Why Michelle Thompson BEM is passionate about standing up for patients

INSPIRED by her sister who died of cancer at the age of 18, epic Macmillan fundraiser Michelle Thompson is on a mission to ensure patient voices are at the heart of NHS decision making.

AS a tourist in London she used to hold onto the railings and crane her head to try and catch a glimpse inside Buckingham Palace and now, here she was, on the arm of her husband Mick being ushered through the golden gates as VIP guests of the Queen at her garden party in the summer of 2013 after being awarded a British Empire Medal (BEM).

“My challenges are always in memory of my beautiful, brave little sister, but also to prove to the thousands of people who hear those dreaded words “I’m afraid you’ve got cancer”, that you can get better and it can change your life in such a positive way.”

She is so proud of the recognition for her volunteer services to charity and the community in Darlington and County Durham that she wears the mini version of her accolade on her suit lapel everyday and her car even has a personalised BEM numberplate.

But memories of that magical day on the Queen’s sprawling lawns still brings tears to her eyes because they remind her of the loved one who inspired it all – her sister Jeanette, known as Jinny.

Michelle was an office manager with a toddler and a husband working away from home when her youngest sibling was given the shock news that she had bone cancer aged just 17.

MOTIVATION: Michelle Thompson's younger sister, Jinny, died of bone cancer as a teenager.

MOTIVATION: Michelle Thompson’s younger sister, Jinny, died of bone cancer as a teenager.

The last 12 months of Jinny’s life were traumatic – she was sectioned due to the effects of the chemotherapy drugs and Michelle suffered two miscarriages and an ectopic pregnancy.

Following Jinny’s death Michelle put the needs of her family first and became a full-time mum to Emily, now 23, and Billy, 17, but was dealt another devastating blow when she was diagnosed with thyroid cancer 11 years ago after finding a lump in her neck.

A friend of Macmillan Cancer Support since it had cared for her sister, Michelle has been approached by one of its nurses after a hospital appointment one day before she returned home to find the charity’s newsletter on the doormat promoting a trek along the Inca Trail in Peru.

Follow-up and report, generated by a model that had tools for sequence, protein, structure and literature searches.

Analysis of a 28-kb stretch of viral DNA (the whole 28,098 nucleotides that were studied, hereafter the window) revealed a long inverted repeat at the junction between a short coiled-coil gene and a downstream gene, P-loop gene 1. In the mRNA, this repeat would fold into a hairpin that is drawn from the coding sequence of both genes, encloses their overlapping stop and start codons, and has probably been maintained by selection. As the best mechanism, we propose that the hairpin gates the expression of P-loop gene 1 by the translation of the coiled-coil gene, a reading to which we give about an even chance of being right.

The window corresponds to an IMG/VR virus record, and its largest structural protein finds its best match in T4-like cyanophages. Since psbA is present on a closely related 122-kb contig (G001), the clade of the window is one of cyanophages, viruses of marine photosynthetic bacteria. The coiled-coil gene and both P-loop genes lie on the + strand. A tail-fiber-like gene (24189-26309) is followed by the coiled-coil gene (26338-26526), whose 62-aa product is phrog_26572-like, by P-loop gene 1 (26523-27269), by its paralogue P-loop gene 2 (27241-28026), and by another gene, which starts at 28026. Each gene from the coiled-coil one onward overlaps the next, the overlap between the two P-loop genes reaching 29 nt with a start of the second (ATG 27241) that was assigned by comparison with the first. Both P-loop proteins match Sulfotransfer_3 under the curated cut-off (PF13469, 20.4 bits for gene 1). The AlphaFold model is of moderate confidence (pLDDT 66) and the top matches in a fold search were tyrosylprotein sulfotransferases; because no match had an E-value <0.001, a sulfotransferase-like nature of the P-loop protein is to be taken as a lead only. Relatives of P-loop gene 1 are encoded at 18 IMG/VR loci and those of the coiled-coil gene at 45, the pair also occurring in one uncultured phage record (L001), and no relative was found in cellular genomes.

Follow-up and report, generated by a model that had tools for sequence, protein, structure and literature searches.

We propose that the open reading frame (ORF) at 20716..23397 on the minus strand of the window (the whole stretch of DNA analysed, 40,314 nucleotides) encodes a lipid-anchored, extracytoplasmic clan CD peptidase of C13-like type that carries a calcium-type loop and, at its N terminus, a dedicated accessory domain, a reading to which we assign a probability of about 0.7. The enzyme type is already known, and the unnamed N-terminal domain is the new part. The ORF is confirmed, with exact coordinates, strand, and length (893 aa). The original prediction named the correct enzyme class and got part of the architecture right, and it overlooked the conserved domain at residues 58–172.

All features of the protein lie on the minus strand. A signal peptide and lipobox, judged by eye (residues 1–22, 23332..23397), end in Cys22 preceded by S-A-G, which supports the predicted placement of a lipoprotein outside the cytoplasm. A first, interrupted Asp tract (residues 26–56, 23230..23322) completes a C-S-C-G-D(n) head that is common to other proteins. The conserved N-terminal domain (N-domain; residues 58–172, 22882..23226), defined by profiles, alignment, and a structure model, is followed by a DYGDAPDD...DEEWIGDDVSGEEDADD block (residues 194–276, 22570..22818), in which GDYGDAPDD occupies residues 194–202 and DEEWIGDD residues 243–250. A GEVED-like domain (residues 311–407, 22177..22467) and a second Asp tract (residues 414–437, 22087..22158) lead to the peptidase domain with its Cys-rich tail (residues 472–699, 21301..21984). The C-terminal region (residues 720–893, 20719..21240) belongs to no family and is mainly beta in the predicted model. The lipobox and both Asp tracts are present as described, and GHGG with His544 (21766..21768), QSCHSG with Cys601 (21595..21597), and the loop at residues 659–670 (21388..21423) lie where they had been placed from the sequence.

She said: “I thought this is one way of saying “thank you” for looking after my sister. It was a goal to aim for because I did not know if I was going to live or die and it was a way of raising money to help people going through the same as me.”

What began as a “thank you” has led to her raising more than £200,000 for Macmillan and becoming one of its ambassadors, telling her moving story to thousands of people up and down the country. Her epic fundraising challenges have included eight Great North Runs, the London Marathon, climbing Mount Kilimanjaro, cycling 500 miles across Vietnam and 450 miles across Africa.

“I remember standing at the top of Dead Woman’s Pass on the Inca Trail, looking across the Andes Mountains,”” she explained. “It was the most exhilarating thing and it made me realise that cancer had changed my life for the better.

“My sister used to say that she did not have a voice and no one would listen to her and that’s my motivation. I believe that everybody has the right for their voice to be listened to and that’s why I am at the heart of NHS decision making.”

“My challenges are always in memory of my beautiful, brave little sister, but also to prove to the thousands of people who hear those dreaded words “I’m afraid you’ve got cancer”, that you can get better and it can change your life in such a positive way.

“I’m passionate about raising funds for Macmillan Cancer Support who provide practical, medical, emotional and financial support to people affected by cancer. I know what it’s like to be on the outside looking in and also the inside looking out -they are two very different places.”

RECOGNITION: Michelle Thompson with her British Empire Medal for her volunteer services to charity and the community in Darlington and County Durham.